Words with a migration background (in German only)

  • Wörter mit Migrationshintergrund: realisieren

    realisieren“ bedeutet eigentlich „verwirklichen/umsetzen“, wird aber verwendet als „erkennen/sich klarmachen“ (von „to realize“)

  • Wörter mit Migrationshintergrund: einmal mehr

    einmal mehr“ (von „once more“) statt „noch einmal

  • Wörter mit Migrationshintergrund: vermissen

    ich vermisse dich“ (von „I miss you“) statt „du fehlst mir

  • Wörter mit Migrationshintergrund: sinnlos

    es macht keinen Sinn“ (von „it doesn't make sense“) statt „es hat/ergibt keinen Sinn

  • Wörter mit Migrationshintergrund: Weissu

    Weissu?“ (von „Weißt du?“) – „Verstehst du?

  • Wörter mit Migrationshintergrund: Yalla

    Yalla!“ (aus dem Arabischen stammendes Wort für „Beeil dich!“) – „Los geht's!“ 

  • Wörter mit Migrationshintergrund: Ischwör

    Ischwör“ (von „Ich schwöre“) – „Ich versichere dir

  • Wörter mit Migrationshintergrund: Lan

    Lan“ (aus dem Türkischen stammendes, leicht abwertendes Wort für „Typ“) – „Alter“ (Anrede in der Jugendsprache für eine (junge) männliche Person)

  • Wörter mit Migrationshintergrund: Handy

    Handy“ – eine deutsche Wortschöpfung (ein englischer Muttersprachler würde „mobile“ oder „mobile phone“ sagen)

Hinrichs’ findings show that the use of grammatical cases in particular has decreased. “Cases are often confused – as in ‘ich verspreche es ihn’ instead of ‘ich verspreche es ihm’ (I promise it to him). Endings are frequently fully omitted, as in ‘das Haus von mein Vater’ rather than ‘das Haus von meinem Vater‘ (my father’s house). “This loosens the sentence’s inner context and frees up linguistic ‘energy’’, says Hinrichs. “This can be used elsewhere, for instance in the creation of new words.”

Simplifying grammar thus serves to facilitate the communication among speakers of different native languages. This means that the focus does not lie on the correctness of the language but on its function: communication.

Plenty of mistakes in native German colloquial language

Apart from the transformation of the German language through migrants, Uwe Hinrichs sees two additional trends. He has observed an abundance of grammatical mistakes in native German speakers – these arise from a decreased level of literacy and in a specific social environment. He further refers to the German dialects, which are mixed into spoken language, especially in large cities (in Berlin dialect, for instance, they say “Ick nehm dir in’n Arm” rather than “Ich nehme dich in den Arm”, which means “I am hugging you”). In contrast with this, the migrants’ language is changing through language contact and multilingualism. “It is essential to distinguish these three developments of the German language”, says Hinrichs.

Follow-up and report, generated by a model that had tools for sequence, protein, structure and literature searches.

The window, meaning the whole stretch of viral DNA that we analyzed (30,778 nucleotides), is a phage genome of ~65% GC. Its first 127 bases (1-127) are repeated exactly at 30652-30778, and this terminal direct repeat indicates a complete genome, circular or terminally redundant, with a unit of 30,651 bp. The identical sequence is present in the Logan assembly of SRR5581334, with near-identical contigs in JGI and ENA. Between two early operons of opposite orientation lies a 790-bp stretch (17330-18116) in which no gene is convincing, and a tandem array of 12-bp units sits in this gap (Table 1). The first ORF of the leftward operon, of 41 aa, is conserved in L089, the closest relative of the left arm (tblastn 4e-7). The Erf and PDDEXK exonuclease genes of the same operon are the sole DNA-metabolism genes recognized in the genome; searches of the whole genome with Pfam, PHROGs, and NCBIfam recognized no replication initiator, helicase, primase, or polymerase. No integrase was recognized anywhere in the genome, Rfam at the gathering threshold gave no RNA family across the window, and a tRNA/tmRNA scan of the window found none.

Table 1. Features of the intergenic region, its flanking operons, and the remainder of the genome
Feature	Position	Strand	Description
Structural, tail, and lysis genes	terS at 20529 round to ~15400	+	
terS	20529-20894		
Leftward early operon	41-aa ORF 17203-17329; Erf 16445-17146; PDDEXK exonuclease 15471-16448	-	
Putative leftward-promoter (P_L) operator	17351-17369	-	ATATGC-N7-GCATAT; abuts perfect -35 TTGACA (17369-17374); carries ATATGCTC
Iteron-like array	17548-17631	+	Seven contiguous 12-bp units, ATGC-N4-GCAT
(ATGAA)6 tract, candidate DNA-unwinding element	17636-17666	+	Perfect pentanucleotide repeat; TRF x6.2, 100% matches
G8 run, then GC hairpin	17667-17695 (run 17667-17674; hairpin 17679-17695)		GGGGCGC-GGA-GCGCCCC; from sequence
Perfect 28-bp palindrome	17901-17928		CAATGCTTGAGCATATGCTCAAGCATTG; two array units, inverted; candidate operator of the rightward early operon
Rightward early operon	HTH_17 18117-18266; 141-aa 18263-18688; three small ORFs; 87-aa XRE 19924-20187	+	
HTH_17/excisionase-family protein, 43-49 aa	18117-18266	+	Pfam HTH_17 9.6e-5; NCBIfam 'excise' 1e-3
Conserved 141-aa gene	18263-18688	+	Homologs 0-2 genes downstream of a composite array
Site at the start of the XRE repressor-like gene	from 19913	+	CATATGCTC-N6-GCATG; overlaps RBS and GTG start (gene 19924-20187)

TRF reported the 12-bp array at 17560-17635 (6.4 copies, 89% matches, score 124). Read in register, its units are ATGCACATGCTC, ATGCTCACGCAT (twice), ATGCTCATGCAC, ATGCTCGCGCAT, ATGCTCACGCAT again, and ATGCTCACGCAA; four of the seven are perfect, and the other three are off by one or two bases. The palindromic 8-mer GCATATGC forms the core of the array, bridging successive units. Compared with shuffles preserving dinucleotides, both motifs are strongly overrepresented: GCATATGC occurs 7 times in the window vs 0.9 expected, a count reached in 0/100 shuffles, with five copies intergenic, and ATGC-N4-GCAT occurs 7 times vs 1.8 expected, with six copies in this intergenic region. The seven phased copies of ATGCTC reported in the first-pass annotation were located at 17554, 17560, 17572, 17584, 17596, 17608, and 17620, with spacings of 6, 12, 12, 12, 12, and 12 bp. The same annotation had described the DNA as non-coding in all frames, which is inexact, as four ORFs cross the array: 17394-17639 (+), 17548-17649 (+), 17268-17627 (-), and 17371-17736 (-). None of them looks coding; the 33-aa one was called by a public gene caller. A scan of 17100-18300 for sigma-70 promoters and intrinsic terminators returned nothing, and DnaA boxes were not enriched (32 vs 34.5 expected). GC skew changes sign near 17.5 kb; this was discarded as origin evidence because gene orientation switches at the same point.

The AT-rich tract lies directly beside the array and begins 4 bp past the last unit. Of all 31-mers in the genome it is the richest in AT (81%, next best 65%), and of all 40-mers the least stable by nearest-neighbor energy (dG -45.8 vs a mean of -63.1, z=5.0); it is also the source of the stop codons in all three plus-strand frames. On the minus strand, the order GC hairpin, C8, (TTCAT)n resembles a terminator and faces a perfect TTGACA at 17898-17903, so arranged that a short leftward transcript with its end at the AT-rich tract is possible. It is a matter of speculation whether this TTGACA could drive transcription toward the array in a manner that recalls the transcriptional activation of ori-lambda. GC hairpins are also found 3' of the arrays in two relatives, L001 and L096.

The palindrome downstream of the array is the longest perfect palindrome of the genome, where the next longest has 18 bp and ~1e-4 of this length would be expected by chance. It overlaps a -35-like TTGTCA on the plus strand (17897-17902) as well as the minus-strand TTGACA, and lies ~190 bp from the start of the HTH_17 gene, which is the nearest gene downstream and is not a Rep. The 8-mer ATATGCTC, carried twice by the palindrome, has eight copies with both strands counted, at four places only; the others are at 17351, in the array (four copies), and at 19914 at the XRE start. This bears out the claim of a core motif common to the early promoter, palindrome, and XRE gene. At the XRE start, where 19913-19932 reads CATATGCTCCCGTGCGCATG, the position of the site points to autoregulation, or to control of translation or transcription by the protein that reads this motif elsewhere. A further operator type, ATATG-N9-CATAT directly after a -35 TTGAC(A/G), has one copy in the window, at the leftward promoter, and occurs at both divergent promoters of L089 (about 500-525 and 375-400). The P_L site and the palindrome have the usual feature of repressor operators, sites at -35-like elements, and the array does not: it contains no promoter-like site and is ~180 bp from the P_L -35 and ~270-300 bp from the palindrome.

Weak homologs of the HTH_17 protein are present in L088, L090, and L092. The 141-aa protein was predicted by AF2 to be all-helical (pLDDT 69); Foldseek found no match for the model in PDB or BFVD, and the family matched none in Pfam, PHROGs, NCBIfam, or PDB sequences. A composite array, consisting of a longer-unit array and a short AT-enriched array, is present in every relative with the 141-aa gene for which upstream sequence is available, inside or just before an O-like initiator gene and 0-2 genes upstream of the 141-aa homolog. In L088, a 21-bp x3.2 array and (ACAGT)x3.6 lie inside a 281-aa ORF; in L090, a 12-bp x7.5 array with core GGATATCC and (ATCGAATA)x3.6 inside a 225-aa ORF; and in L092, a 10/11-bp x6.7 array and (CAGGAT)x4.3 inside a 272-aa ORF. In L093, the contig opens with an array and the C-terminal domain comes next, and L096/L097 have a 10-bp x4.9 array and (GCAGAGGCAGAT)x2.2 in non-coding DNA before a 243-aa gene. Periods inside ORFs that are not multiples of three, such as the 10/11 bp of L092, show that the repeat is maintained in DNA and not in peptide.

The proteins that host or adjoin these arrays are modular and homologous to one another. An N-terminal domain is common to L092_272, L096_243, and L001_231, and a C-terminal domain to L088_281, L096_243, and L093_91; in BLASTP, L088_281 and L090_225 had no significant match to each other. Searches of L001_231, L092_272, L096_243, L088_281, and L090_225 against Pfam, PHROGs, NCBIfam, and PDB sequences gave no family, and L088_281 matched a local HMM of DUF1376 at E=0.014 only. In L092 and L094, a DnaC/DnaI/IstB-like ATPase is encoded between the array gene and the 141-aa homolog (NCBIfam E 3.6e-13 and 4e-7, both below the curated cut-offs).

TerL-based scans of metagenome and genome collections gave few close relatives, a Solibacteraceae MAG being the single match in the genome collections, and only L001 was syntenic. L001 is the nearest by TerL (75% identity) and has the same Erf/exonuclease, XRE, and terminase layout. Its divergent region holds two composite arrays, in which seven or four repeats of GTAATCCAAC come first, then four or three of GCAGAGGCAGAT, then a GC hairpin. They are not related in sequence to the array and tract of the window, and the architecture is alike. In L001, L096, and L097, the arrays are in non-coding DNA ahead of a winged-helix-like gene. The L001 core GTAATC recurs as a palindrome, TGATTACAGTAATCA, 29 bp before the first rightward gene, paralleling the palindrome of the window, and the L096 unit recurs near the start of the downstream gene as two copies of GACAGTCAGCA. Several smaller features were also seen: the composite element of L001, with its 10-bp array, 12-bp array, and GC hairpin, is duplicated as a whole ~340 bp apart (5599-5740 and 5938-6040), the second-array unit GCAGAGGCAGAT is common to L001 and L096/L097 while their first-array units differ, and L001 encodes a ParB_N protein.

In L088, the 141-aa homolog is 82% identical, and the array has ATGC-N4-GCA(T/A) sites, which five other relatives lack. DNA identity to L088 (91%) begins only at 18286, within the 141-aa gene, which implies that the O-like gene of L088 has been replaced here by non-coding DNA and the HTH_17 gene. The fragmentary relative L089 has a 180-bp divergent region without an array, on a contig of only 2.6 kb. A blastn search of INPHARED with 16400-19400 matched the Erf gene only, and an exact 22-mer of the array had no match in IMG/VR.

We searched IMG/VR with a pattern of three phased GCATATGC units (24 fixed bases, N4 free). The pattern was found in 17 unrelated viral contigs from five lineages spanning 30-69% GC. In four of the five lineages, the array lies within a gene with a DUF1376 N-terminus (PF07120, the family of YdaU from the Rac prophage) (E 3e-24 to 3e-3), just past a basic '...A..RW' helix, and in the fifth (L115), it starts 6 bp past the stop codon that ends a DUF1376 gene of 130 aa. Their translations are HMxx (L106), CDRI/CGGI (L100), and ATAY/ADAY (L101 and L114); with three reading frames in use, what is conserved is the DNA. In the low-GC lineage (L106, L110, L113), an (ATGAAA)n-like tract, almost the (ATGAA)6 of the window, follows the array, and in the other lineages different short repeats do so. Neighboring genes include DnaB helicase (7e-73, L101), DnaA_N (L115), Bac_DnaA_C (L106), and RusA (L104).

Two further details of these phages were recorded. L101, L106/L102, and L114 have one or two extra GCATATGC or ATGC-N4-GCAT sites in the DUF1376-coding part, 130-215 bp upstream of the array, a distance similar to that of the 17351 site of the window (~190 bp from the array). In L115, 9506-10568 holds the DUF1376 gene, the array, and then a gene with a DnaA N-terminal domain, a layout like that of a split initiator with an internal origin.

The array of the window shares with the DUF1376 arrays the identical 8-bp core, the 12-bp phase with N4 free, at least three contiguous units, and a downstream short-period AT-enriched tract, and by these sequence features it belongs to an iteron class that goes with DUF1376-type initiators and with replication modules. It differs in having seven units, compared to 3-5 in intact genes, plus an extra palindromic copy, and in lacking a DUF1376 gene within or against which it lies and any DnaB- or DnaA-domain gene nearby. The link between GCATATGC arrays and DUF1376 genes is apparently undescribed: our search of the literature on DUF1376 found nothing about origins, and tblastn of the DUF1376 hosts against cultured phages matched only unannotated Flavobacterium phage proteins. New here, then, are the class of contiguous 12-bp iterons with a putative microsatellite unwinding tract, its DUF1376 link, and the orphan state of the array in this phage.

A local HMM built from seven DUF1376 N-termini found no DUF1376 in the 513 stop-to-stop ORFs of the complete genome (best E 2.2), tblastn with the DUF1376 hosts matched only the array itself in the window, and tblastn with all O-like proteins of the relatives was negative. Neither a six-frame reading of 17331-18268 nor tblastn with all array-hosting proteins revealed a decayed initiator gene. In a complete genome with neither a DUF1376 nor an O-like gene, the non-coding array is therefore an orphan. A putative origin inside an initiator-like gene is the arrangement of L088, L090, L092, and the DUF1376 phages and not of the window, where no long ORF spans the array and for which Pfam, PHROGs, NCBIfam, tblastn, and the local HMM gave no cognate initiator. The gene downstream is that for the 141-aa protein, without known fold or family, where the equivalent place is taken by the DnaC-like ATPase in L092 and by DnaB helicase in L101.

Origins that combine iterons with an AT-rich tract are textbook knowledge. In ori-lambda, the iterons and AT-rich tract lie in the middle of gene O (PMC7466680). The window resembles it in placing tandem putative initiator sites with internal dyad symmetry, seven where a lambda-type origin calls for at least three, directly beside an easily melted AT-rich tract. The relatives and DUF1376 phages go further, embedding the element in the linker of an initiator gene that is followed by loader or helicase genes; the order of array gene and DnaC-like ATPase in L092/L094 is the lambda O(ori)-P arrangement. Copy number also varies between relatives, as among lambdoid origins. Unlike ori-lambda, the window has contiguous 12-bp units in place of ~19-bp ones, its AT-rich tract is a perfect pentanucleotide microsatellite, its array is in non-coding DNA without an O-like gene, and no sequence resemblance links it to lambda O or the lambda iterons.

In his view, spoken German will strongly diverge from written grammar in the future. Someone learning German in 30 years will become aware, that in practise, many “mistakes” will not be seen as such or even corrected anymore. “Above all, they will not have to bother about so many grammatical cases.”

Is your native language also being changed through migration?

September 2016

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Comments

Walber Pereira (Former Stipendiater vom DAAD).
23 May 2019

I think that our language (Portuguese) is strongly been affected by words of Venezuelan migrants, and even by indians on the streets.It is an inevitable fact...

Reade Dornan
14 December 2016

As an American living in a western state, I frequently see new words in Spanglish. The invented words are a combination of English and Spanish that are often more expressive than the original word in each language. The number of inventions is accelerated by children in bilingual emersion school programs and by their Spanish parents who, without much formal training, adopt near-cognates that most help them communicate. They are also quickly adopted by native English speakers who are charmed by the Spanglish and want to communicate with non-native speakers on a friendly level.